Saturday, December 15, 2012

Father Gordon MacRae - imprisoned for abuse payoff?

Wall Street Journal    By DOROTHY RABINOWITZ April 28, 2005
Nine years after he had been convicted and sent to prison on charges of sexual assault against a teenaged boy, Father Gordon MacRae received a letter in July 2003 from Nixon Peabody LLP. law film representing the Diocese of Manchester, N.H. Under the circumstances -- he was a priest serving a life term -- and after all he had seen, the cordial-sounding inquiry should not perhaps have chilled him as much as it did.

". . . an individual named Brett McKenzie has brought a claim against the Diocese of Manchester seeking a financial settlement as a result of alleged conduct by you," the letter informed him. There was a limited window of opportunity for an agreement that would release him and the Diocese from liability. He should understand, the lawyer added, that this request didn't require Fr. MacRae to acknowledge in any way what Mr. McKenzie had alleged. "Rather, I simply need to know whether you would object to a settlement agreement."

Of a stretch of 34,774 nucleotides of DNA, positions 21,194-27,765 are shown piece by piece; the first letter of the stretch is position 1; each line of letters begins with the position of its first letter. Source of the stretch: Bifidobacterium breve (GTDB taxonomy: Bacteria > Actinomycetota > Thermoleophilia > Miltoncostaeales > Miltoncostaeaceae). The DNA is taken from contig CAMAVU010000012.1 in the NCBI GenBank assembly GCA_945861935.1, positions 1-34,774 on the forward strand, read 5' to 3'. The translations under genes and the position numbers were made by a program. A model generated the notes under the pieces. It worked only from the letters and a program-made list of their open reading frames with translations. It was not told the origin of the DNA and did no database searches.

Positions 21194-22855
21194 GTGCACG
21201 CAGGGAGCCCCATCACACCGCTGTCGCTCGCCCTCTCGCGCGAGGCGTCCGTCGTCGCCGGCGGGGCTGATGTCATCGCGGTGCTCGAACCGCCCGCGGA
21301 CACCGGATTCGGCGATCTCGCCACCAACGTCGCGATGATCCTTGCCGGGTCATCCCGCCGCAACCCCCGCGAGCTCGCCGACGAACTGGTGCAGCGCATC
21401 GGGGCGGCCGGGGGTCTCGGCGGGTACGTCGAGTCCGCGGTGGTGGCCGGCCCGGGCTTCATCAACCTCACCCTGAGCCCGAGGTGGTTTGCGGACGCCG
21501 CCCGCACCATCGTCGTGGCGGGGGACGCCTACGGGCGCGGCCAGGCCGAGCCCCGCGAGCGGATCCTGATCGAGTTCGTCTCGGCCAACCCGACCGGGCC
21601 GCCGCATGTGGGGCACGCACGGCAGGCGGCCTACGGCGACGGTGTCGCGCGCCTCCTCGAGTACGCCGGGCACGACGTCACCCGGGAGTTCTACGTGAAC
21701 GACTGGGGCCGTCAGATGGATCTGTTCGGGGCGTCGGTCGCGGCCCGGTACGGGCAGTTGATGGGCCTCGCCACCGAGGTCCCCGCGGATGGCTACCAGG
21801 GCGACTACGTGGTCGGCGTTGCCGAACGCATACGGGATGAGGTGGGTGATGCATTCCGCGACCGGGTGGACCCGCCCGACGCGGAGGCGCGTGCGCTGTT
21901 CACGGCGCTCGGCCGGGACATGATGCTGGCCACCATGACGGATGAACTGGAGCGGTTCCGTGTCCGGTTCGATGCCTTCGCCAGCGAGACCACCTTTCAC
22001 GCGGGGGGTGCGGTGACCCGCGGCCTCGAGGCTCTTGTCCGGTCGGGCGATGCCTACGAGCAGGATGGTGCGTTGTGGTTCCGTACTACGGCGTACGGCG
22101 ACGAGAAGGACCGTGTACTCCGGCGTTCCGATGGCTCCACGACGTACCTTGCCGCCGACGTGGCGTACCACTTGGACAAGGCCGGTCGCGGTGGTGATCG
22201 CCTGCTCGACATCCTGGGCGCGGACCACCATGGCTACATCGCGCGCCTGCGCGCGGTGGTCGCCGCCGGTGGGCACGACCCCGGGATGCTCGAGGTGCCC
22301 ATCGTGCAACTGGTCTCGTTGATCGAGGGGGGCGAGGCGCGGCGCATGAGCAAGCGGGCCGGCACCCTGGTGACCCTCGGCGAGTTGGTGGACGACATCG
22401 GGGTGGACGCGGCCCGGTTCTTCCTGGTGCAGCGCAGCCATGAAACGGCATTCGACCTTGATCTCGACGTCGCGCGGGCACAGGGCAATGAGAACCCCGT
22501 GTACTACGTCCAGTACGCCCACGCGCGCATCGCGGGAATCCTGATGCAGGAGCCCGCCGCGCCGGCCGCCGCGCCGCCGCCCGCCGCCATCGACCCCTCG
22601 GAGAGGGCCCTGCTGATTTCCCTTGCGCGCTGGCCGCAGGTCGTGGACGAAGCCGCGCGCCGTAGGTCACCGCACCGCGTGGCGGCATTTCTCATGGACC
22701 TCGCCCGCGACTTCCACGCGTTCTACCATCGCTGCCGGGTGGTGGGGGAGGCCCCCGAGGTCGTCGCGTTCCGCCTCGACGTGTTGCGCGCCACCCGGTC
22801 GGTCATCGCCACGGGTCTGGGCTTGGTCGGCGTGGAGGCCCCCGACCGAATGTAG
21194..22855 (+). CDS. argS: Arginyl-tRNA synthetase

Fr. MacRae promptly fired a letter off, through his lawyer, declaring he had no idea who Mr. McKenzie was, had never met him, and he was confounded by the request that he assent to any such payment. Neither he nor his lawyers ever received any response. Fr. MacRae had little doubt that the stranger -- like others who had emerged, long after trial, with allegations and attorneys, and, frequently, just-recovered memories of abuse -- got his settlement.

By the time he was taken off to prison in 1994, payouts for such claims against priests promised to surpass the rosiest dreams of civil attorneys. The promise was duly realized: In 2003, the Boston Archdiocese paid $85 million for some 54 claimants. The Portland, Ore., Archdiocese, which had already handed over some $53 million, declared bankruptcy in 2004, when confronted with $155 million in new claims. Those of Tucson and Spokane soon did the same. [...]